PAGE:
Achieving an Appropriate Level of Assurance
But even if you are following the spirit of compliance, you may not be able to adequately demonstrate compliance when a regulator comes knocking at your door. For example, self-assessments are generally less trustworthy than independent assessments and are almost always inflated due to a lack of understanding of the requirements and a desire to cross the finish line to pass an audit or close on new business.
Ultimately, though, compliance boils down to achieving an appropriate level of assurance:
- What level of assurance do you want to achieve?
- What level of assurance can you demonstrate?
- Can you demonstrate assurance to ALL stakeholders?
Then consider whether you have provided the level of assurance you want and that your stakeholders require. Have you gone beyond ticking the boxes of compliance, or is it just a charade?
The Three Dimensions of Intent-Driven Assurance
To answer these questions, we will explore the three dimensions of assurance and the attributes associated with each:
1. Suitability: The controls must manage risk to a level deemed acceptable by the organization, not just what is described in the regulation(s) you are managing to.
2. Impartiality: For both the letter of compliance and the intent of compliance, independent assessments are more trustworthy than a self-assessment, and help improve the level of assurance provided.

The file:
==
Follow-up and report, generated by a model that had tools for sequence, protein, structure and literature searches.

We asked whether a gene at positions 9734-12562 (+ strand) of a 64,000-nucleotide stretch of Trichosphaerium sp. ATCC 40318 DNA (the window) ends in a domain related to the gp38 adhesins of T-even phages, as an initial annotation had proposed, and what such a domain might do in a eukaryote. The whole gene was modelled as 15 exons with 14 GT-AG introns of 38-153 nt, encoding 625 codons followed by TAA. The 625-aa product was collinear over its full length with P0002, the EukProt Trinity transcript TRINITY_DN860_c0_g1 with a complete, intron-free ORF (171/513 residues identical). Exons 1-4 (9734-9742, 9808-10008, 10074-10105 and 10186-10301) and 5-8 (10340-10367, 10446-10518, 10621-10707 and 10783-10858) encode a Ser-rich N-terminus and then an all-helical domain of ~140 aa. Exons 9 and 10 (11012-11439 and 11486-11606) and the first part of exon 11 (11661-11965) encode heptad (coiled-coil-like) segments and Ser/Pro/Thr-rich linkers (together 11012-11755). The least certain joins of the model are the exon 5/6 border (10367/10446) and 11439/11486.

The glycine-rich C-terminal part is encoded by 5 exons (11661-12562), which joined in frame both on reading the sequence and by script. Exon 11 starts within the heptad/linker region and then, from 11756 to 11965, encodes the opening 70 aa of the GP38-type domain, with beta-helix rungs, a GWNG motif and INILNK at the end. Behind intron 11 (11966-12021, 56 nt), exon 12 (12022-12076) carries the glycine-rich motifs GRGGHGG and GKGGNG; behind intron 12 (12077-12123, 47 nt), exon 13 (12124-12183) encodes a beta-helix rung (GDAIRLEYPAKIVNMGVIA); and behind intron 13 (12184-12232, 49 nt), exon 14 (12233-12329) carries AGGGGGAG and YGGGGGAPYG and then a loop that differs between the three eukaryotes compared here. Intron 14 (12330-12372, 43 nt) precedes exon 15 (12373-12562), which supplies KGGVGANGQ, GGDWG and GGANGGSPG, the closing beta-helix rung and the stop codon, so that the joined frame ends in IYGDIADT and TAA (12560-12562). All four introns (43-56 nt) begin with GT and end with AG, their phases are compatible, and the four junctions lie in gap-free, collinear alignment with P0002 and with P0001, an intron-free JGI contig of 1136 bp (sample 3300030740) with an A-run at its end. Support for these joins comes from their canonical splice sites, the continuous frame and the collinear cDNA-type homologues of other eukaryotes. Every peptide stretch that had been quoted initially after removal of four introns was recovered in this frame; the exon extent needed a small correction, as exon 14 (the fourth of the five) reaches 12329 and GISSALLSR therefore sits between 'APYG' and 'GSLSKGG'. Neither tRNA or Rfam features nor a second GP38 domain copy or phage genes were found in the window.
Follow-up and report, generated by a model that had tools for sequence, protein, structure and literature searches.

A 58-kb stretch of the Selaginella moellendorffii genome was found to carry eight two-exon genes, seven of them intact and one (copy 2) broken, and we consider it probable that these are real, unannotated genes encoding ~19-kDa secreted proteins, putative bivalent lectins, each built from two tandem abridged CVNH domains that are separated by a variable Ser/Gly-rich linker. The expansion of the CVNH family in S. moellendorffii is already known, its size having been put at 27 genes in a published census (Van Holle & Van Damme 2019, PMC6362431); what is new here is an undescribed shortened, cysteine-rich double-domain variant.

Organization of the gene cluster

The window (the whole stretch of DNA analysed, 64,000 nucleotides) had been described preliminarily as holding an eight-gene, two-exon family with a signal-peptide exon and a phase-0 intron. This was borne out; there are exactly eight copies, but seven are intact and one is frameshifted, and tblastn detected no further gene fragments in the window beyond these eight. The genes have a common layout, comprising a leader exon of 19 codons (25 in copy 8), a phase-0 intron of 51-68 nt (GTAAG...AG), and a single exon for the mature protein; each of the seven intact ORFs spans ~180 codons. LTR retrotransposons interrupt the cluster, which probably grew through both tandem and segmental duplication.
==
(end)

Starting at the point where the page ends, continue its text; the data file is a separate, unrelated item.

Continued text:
3. Rigor: The results must accurately reflect the organization’s information security posture as it relates to the regulatory requirements.
This story first appeared in the November 2020 issue of CISO MAG. To read the full story: Subscribe now!
About the Author
Dr. Bryan Cline provides thought leadership on risk management and compliance and develops the methodologies used in various components of the HITRUST ApproachTM. This includes a focus on the design of the HITRUST CSF® and the assessment and certification models used in the HITRUST CSF Assurance Program, for which he provides technical direction and oversight. He’s also responsible for addressing emerging trends impacting risk management and compliance to ensure the HITRUST Approach sets the bar for organizations seeking the most comprehensive privacy and security frameworks available. Dr. Cline is currently leading a joint public-private effort to update NIST Cybersecurity Framework implementation guidance for the health care sector, which will better support the use of NIST’s Online Informative References like the HITRUST CSF in organizational cybersecurity programs. He is also working with the FAIR Institute to integrate elements of their quantitative approach to risk analysis with HITRUST’s control-based risk management framework, which will allow organizations that use the framework to more easily communicate risk in business terms and better facilitate risk-based decision making. Dr. Cline previously served as HITRUST’s Vice President of Standards and Analysis.
Views expressed in this article are personal. The facts, opinions, and language in the article do not reflect the views of CISO MAG and CISO MAG does not assume any responsibility or liability for the same.